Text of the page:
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How real-time accountability improves response, safety
Cloud-based, passive firefighter accountability systems help incident commanders track personnel movements throughout the incident response
Fire departments have been using manual personnel accountability systems (PAS), such as cow tags, passports and the like for many years. However, we still see NIOSH Firefighter Fatality Investigation and Prevention reports that all too frequently list the lack of a firefighter accountability system as a contributing factor for the firefighter line-of-duty death (LODD).
While active, manual personnel accountability systems require the incident commander and individual firefighters and officers to act to make the system work, passive, cloud-based accountability systems bypass the first failure point of active systems by ensuring every firefighter is automatically entered in the system without disrupting the normal flow of activity on scene.
Cloud-based accountability systems also keep up with the changing locations of personnel operating on the scene; and helping the IC answer these important accountability questions:
- Where are those individual firefighters and officers physically located on the emergency scene, in real time?
- If an unexpected event happens – a flashover, backdraft or roof collapse – can the incident commander effectively and efficiently account for the location and safety status for everyone on the emergency scene?
- If such an unexpected event happens, will the incident commander have all the personnel accountability information available for investigative or after-action reports?
A passive personnel accountability system scenario
Cloud computing and software that allows real-time updates from multiple sources can help incident commanders on the ground plot fire activity, the location of hand lines and where unit assets are located. Quickly capturing and sharing vital information is key to the safe, effective and efficient conduct of emergency operations, and paramount for providing a safer work environment for firefighters.
The key word in passive personnel accountability system is personnel. A passive accountability system starts the moment the firefighter or officer logs in for their tour-of-duty on the time and attendance software program. So, at the beginning of the tour of duty, the system knows that Engine 9 is staffed with four personnel.
When Engine 9 is dispatched with Engines 2, 7 and 18; and Trucks 3 and 8; along with Battalion Chief 6 to a reported structure fire at 1234 Sesame Street, the computer-aided dispatch system (CADS) software retrieves the pertinent personnel information (e.g., name, professional qualifications and photograph) for all the personnel on the responding units.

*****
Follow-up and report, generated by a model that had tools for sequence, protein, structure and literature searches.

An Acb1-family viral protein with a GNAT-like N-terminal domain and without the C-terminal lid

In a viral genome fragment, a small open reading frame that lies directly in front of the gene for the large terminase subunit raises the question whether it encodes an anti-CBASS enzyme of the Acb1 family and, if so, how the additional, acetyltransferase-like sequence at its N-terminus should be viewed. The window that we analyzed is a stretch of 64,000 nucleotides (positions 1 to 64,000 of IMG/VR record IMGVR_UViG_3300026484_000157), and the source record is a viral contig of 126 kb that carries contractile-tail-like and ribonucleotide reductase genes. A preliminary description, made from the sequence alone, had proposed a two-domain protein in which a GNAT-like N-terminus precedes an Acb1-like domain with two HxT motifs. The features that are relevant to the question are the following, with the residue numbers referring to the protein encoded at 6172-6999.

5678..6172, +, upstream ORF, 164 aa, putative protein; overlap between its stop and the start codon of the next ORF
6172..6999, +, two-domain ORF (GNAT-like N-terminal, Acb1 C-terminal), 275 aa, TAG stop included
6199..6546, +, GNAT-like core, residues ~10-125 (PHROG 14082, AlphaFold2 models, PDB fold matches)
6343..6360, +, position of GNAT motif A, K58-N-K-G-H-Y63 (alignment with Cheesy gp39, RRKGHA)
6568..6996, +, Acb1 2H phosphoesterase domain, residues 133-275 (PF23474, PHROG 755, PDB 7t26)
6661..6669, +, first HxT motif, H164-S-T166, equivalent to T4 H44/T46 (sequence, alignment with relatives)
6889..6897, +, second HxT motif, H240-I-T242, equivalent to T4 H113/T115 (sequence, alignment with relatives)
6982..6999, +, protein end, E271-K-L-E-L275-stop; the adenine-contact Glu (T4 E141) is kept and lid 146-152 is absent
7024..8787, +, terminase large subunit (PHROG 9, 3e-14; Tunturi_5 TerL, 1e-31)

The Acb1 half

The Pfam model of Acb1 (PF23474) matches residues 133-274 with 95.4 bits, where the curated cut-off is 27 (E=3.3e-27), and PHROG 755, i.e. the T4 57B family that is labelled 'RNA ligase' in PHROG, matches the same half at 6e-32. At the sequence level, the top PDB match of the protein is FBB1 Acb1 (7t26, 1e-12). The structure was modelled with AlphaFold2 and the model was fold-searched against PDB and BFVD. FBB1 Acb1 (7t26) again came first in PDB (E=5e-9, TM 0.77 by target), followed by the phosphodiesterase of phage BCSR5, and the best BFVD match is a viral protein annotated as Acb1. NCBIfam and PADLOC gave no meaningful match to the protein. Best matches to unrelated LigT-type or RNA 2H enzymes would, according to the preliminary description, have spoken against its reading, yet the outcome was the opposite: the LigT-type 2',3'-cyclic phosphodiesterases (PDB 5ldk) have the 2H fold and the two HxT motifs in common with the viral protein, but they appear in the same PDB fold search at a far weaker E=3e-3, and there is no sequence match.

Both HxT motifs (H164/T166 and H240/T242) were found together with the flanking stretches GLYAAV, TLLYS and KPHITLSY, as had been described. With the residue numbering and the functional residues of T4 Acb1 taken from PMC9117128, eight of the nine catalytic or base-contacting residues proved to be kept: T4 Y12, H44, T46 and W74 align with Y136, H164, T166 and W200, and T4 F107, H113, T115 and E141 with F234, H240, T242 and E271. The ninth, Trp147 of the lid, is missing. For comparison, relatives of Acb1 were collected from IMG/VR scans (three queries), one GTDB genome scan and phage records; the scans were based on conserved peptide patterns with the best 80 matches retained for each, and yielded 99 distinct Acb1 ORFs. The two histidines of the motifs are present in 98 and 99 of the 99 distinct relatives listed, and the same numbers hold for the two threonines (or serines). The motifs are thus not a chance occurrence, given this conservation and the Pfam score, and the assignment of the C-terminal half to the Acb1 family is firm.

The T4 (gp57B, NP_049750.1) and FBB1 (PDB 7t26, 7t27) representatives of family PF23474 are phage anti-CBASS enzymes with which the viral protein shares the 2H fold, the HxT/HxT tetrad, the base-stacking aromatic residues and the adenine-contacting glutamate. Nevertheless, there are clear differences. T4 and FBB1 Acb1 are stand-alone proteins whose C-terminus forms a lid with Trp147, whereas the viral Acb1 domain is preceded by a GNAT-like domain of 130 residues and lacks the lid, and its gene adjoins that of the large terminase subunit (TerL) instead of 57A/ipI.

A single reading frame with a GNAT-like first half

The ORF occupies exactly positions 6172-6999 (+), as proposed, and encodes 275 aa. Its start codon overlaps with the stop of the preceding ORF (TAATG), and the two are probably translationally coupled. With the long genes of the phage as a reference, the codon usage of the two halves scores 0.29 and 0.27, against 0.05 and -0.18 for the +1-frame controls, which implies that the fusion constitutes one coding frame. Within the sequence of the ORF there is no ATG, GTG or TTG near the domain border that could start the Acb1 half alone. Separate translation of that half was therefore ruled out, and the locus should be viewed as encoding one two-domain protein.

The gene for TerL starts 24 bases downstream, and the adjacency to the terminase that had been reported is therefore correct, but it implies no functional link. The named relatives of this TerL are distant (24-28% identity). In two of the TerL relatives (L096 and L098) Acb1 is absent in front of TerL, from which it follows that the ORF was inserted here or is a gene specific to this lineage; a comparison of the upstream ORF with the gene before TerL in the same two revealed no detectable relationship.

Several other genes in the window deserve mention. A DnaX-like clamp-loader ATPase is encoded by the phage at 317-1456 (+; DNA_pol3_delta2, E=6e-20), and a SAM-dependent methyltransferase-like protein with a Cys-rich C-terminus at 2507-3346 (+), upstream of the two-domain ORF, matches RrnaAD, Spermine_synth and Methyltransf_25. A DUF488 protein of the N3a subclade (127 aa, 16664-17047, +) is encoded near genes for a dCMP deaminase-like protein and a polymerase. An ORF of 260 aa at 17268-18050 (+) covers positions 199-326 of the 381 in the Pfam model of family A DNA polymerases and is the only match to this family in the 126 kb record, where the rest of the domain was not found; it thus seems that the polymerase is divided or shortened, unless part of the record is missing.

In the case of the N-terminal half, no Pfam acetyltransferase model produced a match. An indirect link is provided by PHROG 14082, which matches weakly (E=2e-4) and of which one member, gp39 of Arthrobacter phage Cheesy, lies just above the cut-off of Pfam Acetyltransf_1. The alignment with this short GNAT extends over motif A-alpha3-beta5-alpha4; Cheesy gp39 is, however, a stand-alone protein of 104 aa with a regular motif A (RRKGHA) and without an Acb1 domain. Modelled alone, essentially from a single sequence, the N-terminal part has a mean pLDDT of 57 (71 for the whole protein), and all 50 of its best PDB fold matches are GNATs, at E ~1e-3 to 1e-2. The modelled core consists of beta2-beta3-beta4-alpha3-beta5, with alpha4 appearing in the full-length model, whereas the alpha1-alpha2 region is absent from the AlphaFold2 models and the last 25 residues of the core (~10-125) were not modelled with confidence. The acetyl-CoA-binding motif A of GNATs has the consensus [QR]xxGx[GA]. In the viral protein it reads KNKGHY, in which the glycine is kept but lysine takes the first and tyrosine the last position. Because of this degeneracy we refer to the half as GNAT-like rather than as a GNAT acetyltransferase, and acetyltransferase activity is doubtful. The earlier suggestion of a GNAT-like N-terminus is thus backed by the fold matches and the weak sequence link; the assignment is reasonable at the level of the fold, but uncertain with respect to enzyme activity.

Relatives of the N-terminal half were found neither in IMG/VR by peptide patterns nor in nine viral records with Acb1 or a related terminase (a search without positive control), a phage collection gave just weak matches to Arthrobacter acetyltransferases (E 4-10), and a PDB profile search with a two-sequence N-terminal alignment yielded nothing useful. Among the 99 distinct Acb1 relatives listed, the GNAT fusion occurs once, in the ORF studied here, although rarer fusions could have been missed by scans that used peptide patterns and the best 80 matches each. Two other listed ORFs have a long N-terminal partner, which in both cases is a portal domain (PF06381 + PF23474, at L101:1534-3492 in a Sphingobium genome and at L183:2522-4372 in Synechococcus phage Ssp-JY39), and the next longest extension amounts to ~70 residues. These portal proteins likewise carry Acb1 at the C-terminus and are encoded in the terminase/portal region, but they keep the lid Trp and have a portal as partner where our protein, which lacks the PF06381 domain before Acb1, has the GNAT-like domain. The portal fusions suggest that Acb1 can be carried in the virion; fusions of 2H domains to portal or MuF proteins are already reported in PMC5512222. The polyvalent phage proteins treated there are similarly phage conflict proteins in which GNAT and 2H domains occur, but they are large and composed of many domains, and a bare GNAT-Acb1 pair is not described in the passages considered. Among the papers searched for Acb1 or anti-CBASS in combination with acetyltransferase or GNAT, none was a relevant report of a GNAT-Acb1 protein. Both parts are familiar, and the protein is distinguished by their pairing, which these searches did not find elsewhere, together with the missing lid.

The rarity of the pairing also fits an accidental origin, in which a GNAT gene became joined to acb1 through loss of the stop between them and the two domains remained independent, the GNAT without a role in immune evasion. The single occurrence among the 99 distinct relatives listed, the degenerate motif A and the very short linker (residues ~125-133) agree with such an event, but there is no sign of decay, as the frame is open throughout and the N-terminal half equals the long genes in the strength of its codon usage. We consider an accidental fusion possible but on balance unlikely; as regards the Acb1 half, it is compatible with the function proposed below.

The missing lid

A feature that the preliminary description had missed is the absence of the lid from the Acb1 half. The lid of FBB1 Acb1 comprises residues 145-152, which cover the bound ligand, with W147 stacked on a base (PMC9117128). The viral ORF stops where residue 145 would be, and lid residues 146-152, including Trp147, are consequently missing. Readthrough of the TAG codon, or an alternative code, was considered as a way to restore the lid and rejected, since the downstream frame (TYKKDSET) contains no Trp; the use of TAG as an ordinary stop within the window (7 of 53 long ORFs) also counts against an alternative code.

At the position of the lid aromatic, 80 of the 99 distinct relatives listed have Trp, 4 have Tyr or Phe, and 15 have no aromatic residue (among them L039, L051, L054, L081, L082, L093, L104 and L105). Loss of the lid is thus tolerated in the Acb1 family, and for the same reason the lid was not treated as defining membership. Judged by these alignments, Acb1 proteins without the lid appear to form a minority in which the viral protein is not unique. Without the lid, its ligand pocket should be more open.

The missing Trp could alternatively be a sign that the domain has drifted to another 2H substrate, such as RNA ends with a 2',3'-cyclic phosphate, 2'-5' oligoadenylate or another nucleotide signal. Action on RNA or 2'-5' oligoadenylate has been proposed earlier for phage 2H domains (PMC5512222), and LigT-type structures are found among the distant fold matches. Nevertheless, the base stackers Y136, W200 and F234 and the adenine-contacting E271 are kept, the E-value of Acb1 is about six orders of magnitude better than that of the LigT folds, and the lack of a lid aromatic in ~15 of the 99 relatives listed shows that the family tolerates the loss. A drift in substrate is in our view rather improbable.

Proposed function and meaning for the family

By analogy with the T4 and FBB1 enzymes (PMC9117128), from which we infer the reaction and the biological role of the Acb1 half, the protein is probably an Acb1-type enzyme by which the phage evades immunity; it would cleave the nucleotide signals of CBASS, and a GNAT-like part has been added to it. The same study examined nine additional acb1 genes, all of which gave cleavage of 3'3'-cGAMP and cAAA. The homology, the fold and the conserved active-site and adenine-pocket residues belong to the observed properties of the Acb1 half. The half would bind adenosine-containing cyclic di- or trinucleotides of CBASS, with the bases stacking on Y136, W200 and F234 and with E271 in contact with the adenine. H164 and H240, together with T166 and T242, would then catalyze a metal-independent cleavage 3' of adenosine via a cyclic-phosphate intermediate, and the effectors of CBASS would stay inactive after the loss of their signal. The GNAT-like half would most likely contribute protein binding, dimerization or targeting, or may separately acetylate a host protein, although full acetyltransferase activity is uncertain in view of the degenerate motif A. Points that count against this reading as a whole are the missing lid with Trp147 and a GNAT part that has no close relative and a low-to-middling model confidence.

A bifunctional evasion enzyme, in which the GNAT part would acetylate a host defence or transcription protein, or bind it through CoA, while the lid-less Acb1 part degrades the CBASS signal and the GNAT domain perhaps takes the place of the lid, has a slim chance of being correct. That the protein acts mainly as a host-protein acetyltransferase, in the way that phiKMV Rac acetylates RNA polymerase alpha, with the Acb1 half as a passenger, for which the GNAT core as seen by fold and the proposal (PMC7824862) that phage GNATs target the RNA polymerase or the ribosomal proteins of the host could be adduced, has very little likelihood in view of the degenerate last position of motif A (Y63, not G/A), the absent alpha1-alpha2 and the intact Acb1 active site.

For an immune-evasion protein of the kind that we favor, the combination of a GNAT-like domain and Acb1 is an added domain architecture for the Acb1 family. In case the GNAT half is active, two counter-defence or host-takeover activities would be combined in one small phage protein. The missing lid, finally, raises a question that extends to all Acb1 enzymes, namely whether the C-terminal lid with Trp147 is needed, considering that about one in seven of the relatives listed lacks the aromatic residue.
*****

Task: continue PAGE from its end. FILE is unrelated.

CADS then sends that data package to the department’s incident command and control software, where that software creates electronic personnel accountability system profiles for each responding unit, like Engine 9’s below:
- Captain Sherron Tate (HazMat)
- Engineer Valarie Guffy
- Firefighter/Paramedic Fernando Martinez
- Firefighter Patrick Parziale (HazMat and Tech Rescue)
When the first unit arrives at 1234 Sesame Street, and the officer pushes a button on their MDT or tablet computer to initiate an incident record, the incident command and control software populates a resource list for the incident commander’s use. The incident commander now has a complete list of what fire apparatus is on scene and the identity of every individual on each of those units.
As the incident unfolds and the incident commander assigns engines and trucks to tactical assignments, the personnel accountability profiles move with them, and unit staffing is reconfigured. See Figure 1 below for an example of one such personnel movement.
When Firefighter/Paramedic Martinez must go with Ambulance 15 to provide care for a burn victim, the incident commander moves Martinez from Engine 9 to Ambulance 15, which now shows staffing of three. Engine 9’s staffing now shows three, along with the notation of Martinez being moved to Ambulance 15. When Martinez returns, he’s given another assignment that keeps him away from returning to Engine 9. Finally, when the incident is demobilized, Martinez is returned to Engine 9 in the system.
Now imagine trying to keep up with just that one personnel movement using an active personnel accountability system. At any time during that incident, the real-time location and status of FF/PM Martinez would have been readily available to the incident commander. And that’s why a cloud-based computing and software system, that allows real-time updates from multiple sources, is the backbone for the passive personnel accountability that every firefighter and officer deserves.